Justin Speier, the Angels’ veteran right-handed reliever, has been handed his unconditional release to make room on the 25-man roster for Trevor Bell, the 22-year-old right-hander who makes his Major League debut on Wednesday against the Rays.
Speier, signed to a free agent contract with the Angels after the 2006 season, was 4-2 with a 5.18 ERA this season in 41 appearances. He pitched 40 innings, yielding 44 hits and 15 walks while striking out 39 batters. Opponents had a .277 batting average against him.
“It probably caught him off guard,” Angels general manager Tony Reagins said. “It’s emotional. There was nothing but professionalism in the way he took it on short notice. He has sincere passion for this organization, and the feelings are mutual.
“You always hope a player continues his career and gets an opportunity. We know he wants to continue to pitch. He’s going to take a breather.”
Speier, 35, is the son of long-time Major League shortstop Chris Speier, now a coach on manager Dusty Baker’s staff in Cincinnati.
Speier began his Major League career in 1998 after he was taken in the 55th round of the 1995 First-Year Player Draft by the Cubs. He pitched for the Marlins, Braves, Indians, Rockies and Blue Jays before joining the Angels.
He’s 35-33 in his career in 613 Major League appearances.
“We felt from a baseball standpoint this decision at this time was the right decision to make,” Reagins said. “It’s something we’ve talked about for several days. It’s always a difficult decision when you have to go this route.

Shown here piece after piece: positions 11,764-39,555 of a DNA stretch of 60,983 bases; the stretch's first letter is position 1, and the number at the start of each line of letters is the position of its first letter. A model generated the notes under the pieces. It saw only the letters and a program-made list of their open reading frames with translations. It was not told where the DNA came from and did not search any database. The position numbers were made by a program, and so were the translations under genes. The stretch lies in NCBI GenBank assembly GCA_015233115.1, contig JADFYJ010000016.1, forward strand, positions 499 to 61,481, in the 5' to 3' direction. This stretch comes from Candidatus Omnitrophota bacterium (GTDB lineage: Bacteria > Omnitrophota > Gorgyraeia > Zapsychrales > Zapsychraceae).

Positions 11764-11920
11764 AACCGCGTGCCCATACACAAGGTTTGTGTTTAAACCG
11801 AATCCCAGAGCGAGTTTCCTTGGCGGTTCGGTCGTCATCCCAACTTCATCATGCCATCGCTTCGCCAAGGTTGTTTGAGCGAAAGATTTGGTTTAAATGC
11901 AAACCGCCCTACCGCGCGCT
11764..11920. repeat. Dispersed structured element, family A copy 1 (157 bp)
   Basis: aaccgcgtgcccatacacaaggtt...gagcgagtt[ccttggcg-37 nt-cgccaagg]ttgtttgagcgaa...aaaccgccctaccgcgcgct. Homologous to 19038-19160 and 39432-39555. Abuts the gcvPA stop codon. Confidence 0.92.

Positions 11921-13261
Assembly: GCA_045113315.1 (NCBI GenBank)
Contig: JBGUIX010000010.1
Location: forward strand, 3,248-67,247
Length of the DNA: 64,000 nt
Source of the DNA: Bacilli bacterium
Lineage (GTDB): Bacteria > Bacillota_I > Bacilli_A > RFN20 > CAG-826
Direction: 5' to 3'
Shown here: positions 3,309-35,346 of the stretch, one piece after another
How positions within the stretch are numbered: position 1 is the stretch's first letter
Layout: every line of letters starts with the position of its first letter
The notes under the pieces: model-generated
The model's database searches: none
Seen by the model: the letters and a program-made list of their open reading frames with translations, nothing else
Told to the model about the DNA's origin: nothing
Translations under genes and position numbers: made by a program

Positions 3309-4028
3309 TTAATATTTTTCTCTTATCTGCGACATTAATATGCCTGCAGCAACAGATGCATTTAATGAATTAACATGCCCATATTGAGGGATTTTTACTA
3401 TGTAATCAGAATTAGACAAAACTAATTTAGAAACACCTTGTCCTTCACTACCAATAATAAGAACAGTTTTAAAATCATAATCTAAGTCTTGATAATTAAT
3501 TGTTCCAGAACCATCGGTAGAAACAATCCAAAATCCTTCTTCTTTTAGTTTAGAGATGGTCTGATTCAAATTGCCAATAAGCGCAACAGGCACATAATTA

“From a baseball standpoint, it was something we felt that had to be done to allow us to do some other things.”
Bell gives the Angels two rookie starting pitchers, joining Sean O’Sullivan, with Joe Saunders on the disabled list. Middle relievers Matt Palmer and Shane Loux also are candidates to join the rotation, having had some success in that role.
He has spent his entire professional life with the Angels, but Garret Anderson is ready for a change — and Atlanta looks like a very nice fit for the left fielder with the smooth style and textbook stroke.
Anderson provides quiet leadership and a soothing presence, and Casey Kotchman especially will reap benefits if the deal with the Braves goes down, as expected. Kotch and GA are extremely close. Any difficulties Casey might have had last season making the transition to a new league after the trade for Mark Teixeira in late July will be eased by Anderson’s calm manner and words of wisdom.
The Braves are essentially a young club now, with the exception of Chipper Jones. The Braves have another Anderson, center fielder Josh, who also figures to benefit from Garret’s experience. Just as the Angels did with Bobby Abreu, the Braves will be getting a bargain. Anderson will hit anywhere, in any conditions, and he’s still a quality outfielder.